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You have landed on this page because you want to build confidence in public speaking - drawing upon the tools and techniques of NLP and Hypnotherapy - Anxiety Gold Coast Australia. Book a session with Abby Eagle.
By Abby Eagle (2018)
A lot of people experience anxiety, and to varying degrees. Typically anxiety is about something that has not happened and what the person is doing is building a cinema in their mind of what might go wrong in the future. The more dramatic the internal representation, the stronger the internal dialogue, the bigger and brighter the movie then the more intense the feelings. In some cases the internal state may be strong enough to cause the person to freeze.
Which is pretty amazing when you think about it because if you can create an intense negative state then you can create an intense resourceful state. What you have to understand is that anxiety is not something that happens to you. You are the one who gives the meaning to the event. You are the one who create the images, the internal dialogue and the feelings.
And that means that you can learn how to move from the back seat into the drivers seat of your mind, so to speak – and create internal representations that work for you rather than against you. What I do with NLP and Hypnotherapy is to help you to access and mobilise your internal resources such that you can bring your confident future self into reality today.
As I said, anxiety in most cases is a feeling about a future event. It is not unusual for people to feel anxious about an event and when it is all over they wonder why they got anxious in the first place. My job is to map out the structure of how you create the anxious feeling. For each person it will be different.
In some cases it may just be about lack of experience. If this sounds like you, then part of the solution is to chunk the activity into bite sized steps and stages. Perhaps you are just trying to do too much too soon. If you had never surfed in your life do you think that you could just jump on a board and paddle out into a 20 foot wave? No, you have to learn a bit at a time, and slowly build up your skill level. Likewise, if you have never been on a stage and then you are asked to speak to a group of people, then one would expect that you might feel some degree of anxiety.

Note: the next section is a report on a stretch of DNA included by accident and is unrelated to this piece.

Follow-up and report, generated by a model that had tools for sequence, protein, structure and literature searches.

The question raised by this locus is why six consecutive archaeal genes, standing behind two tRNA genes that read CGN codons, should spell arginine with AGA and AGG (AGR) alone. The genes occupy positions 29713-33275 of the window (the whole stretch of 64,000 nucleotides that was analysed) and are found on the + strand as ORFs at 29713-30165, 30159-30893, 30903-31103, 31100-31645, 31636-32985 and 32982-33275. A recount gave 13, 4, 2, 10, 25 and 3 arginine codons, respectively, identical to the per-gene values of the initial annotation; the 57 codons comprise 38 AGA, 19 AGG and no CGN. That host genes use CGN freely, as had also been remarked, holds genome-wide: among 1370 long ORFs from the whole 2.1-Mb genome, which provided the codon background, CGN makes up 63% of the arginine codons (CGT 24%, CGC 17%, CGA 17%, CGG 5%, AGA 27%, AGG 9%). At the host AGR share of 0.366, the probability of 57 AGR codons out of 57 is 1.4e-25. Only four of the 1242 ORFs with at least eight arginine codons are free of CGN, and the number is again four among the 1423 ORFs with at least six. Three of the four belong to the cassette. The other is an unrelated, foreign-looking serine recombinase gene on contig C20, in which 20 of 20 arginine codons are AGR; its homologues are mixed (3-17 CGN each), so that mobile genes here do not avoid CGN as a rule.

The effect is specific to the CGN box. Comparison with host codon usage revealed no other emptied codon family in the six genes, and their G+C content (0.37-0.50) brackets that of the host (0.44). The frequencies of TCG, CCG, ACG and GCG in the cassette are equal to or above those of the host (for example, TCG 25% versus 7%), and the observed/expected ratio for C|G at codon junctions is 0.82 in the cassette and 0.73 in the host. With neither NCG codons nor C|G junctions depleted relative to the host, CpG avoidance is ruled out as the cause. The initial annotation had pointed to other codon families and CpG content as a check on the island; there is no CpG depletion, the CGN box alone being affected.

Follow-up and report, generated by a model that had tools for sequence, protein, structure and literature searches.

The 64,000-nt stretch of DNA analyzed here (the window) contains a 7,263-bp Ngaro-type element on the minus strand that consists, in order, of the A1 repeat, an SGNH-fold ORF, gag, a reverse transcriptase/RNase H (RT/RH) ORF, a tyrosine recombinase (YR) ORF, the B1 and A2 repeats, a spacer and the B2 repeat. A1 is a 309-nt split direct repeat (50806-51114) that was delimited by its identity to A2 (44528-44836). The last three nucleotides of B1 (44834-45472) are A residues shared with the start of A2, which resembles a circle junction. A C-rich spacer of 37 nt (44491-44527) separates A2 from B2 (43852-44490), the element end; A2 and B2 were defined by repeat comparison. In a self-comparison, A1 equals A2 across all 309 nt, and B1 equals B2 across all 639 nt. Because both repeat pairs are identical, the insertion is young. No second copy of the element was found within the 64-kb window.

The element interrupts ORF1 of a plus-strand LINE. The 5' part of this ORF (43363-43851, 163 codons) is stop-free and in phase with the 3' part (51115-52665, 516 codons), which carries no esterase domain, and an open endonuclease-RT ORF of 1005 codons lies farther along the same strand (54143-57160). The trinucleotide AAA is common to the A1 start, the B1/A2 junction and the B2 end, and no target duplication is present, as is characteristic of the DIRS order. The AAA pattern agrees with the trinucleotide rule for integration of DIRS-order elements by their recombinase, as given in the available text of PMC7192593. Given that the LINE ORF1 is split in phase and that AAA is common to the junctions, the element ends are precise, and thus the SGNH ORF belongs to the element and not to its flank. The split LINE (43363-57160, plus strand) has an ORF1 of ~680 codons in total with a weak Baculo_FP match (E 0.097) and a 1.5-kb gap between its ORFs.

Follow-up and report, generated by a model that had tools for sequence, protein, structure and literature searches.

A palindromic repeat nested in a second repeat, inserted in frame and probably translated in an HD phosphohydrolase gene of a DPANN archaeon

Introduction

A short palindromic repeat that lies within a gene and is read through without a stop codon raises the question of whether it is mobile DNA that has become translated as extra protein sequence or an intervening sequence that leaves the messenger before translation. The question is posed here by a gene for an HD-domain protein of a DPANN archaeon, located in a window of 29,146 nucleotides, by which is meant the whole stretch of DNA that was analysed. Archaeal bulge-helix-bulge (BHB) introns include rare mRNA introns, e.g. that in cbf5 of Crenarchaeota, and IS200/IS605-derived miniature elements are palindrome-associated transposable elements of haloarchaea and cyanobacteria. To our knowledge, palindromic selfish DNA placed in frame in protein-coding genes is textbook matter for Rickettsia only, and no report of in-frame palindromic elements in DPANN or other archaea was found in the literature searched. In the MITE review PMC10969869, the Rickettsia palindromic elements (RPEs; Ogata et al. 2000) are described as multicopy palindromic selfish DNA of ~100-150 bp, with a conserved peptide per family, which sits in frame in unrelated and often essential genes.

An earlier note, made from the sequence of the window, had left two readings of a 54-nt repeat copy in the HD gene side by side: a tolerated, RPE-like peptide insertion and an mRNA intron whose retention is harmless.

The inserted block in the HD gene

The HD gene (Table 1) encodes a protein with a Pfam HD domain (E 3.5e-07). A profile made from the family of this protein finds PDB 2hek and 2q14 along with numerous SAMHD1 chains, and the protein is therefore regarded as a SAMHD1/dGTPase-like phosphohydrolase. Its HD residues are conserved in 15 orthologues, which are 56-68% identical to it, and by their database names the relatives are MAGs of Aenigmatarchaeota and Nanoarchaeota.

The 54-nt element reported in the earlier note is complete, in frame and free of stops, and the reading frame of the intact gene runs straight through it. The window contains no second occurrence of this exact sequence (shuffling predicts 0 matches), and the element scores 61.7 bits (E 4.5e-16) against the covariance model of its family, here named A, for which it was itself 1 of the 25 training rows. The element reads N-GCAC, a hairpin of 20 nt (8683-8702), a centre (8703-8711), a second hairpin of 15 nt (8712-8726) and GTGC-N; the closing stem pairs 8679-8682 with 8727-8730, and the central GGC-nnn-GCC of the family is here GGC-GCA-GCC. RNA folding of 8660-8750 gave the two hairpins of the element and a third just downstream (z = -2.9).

When people seek help in gaining confidence to speak to a group, what they are really asking for, is how to get into the zone, how to get into a flow state. Now a flow state is defined as an optimal state of consciousness in which you feel at your best and perform at your best. If the task is too small then you don’t get enough energy going to perform well. On the other hand if the task is way beyond your capability then you may go into overload and panic. The task needs to be a stretch but not too much of a stretch. When you set a stretch goal then your intention drives attention onto the task at hand such that you are compelled to focus in and concentrate. In doing so, the critical voice disappears, time goes away and you are plunged into the eternal now and you perform at your best.
Anxiety also tends to happen when there are just too many unknowns, for example. - Not knowing what is expected of you?
- Not knowing what you are allowed to do?
- Concerns about what might happen and what might go wrong.
- Concerns that you might forget what to say or not know what to say.
- Concerns about what others might say and do.
- Worried about how others might react or judge you.
- Worried about whether you will be liked or rejected.
The frames of mind that you bring to an event play a big part in whether you feel confident or anxious. What are frames of mind? Attitudes, values, beliefs, memories and expectations. For example, one University Graduate I worked with had scored top of his class and so he was in demand as a guest speaker at various functions – and even though he knew his topic inside out he felt anxious when speaking to a group of undergraduates.
Why? Because he wanted admiration from the audience. He was constantly checking to see if the students were giving him admiration. Not knowing what their blank stares meant he would freeze and make an excuse that he had to make a phone call, and thus leave the room.
The first step should be to build rapport – that is a sense of trust and liking for each other. There is an art to building rapport but essentially you are sorting for sameness, looking for something that you share, whether that be the way that you dress, the way that you hold your body, or the concepts and words that you use.